Opponents of controversial pipeline projects planned for British Columbia say Ottawa has unleashed its spies on them.
It's certainly no secret the Conservative government has, to say the least, an antipathy towards environmental organizations allied with B.C. First Nations to try to stop the Northern Gateway and Kinder-Morgan oil sands pipelines.
But the B.C. Civil Liberties Association alleges the RCMP and Canadian Security Intelligence Service (CSIS) are breaking the law by snooping on legitimate groups.
The association announced Thursday it would file complaints against CSIS and the Mounties with their respective watchdog agencies, The Canadian Press reported.
The group claims the activities include illegal searches and, in the case of CSIS, spying on the peaceful, democratic activities of Canadians, which violates its mandate.
It also says information was passed on to petroleum companies and the National Energy Board, which was conducting a joint review of Northern Gateway.
The accusation echoes claims the government's electronic-eavesdropping arm, Communications Security Establishment Canada, spied on Brazilian mining and energy authorities and shared the information with Canadian firms.
“What we’re hoping here is to find out more about what’s happened,” executive director Josh Paterson told a news conference in Vancouver, according to the Globe and Mail.
It's illegal for the government to spy on people and organizations that pose no threat to public safety, Paterson said.
“It’s a question of fundamental human rights,” Paterson said in the association's news release “There are plenty of undemocratic countries where governments spy on people that they don’t agree with. That’s not supposed to happen in Canada.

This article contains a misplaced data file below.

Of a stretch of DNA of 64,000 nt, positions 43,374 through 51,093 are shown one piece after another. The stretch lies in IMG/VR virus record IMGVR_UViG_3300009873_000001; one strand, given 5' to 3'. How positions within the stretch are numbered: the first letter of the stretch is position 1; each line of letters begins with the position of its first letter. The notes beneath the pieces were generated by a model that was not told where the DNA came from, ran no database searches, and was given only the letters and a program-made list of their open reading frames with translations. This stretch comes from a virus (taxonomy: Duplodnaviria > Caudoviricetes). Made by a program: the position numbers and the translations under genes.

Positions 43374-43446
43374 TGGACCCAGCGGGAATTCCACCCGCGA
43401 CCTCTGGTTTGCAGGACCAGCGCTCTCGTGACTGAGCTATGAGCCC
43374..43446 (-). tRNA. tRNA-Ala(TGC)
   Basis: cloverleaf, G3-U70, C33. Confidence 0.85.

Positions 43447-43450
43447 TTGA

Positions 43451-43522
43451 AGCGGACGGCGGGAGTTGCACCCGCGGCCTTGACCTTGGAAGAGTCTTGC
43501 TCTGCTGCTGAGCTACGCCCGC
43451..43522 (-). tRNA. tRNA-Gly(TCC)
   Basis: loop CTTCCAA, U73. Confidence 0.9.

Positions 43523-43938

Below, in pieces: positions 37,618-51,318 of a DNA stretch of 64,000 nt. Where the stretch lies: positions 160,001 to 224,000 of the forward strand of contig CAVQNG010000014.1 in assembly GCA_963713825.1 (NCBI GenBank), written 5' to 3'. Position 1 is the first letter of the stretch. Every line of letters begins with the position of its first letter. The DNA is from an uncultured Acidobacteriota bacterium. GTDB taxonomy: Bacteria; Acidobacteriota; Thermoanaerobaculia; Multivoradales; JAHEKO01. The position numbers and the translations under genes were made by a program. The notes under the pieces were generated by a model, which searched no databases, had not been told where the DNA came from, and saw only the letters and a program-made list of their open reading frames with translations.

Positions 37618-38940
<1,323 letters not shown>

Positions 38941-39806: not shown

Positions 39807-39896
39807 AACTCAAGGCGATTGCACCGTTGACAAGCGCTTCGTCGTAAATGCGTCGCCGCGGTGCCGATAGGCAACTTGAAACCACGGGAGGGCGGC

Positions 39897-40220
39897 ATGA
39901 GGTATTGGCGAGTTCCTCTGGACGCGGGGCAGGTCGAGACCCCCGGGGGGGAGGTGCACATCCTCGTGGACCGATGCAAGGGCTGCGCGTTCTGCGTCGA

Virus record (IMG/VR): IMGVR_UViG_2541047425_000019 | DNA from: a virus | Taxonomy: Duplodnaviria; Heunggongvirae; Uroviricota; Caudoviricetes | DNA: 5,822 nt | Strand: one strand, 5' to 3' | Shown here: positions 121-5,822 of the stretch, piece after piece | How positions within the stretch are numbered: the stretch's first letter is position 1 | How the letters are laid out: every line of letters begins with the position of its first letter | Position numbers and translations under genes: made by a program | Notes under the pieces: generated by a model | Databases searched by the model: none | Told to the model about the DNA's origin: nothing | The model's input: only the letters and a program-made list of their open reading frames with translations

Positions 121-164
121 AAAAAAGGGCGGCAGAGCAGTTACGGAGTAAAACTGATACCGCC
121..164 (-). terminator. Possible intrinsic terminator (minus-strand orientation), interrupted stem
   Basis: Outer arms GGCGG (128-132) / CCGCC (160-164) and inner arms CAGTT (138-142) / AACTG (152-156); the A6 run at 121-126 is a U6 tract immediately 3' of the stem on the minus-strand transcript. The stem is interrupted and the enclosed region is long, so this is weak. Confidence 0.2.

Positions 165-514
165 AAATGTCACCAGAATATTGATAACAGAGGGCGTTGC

"Canadians have the right to participate in important public debates without fear of being spied on and intimidated by our own security, intelligence, and police agencies."
The association alleges one of the meetings infiltrated was at a Kelowna church, where the environmental group Dogwood Initiative's Celine Trojan spoke to retirees and church members.
The complaints were based on information published in news reports and via access-to-information requests.
Last November in the Vancouver Observer, reported documents and emails the paper obtained show Ottawa was monitoring groups opposed to oil-sands development and the pipelines that would ship bitumen crude to the West Coast for export.
Grand Chief Stewart Phillip, president of the Union of B.C. Indian Chiefs, said he was "shocked and disgusted" to learn one of the meetings he'd attended had been spied on.
"This is the kind of thing we’d expect to see in a police state, and it’s a violation of our freedom of speech and freedom of assembly," he said in the association's news release.
There's no comment at this writing from the RCMP or CSIS.
The joint review panel submitted its report on Northern Gateway in December, giving the project conditional approval subject to about 200 conditions being met.
The government has until late June to make decision on whether to green-light the pipeline and the export terminal to be built at Kitimat, on the northern B.C. coast.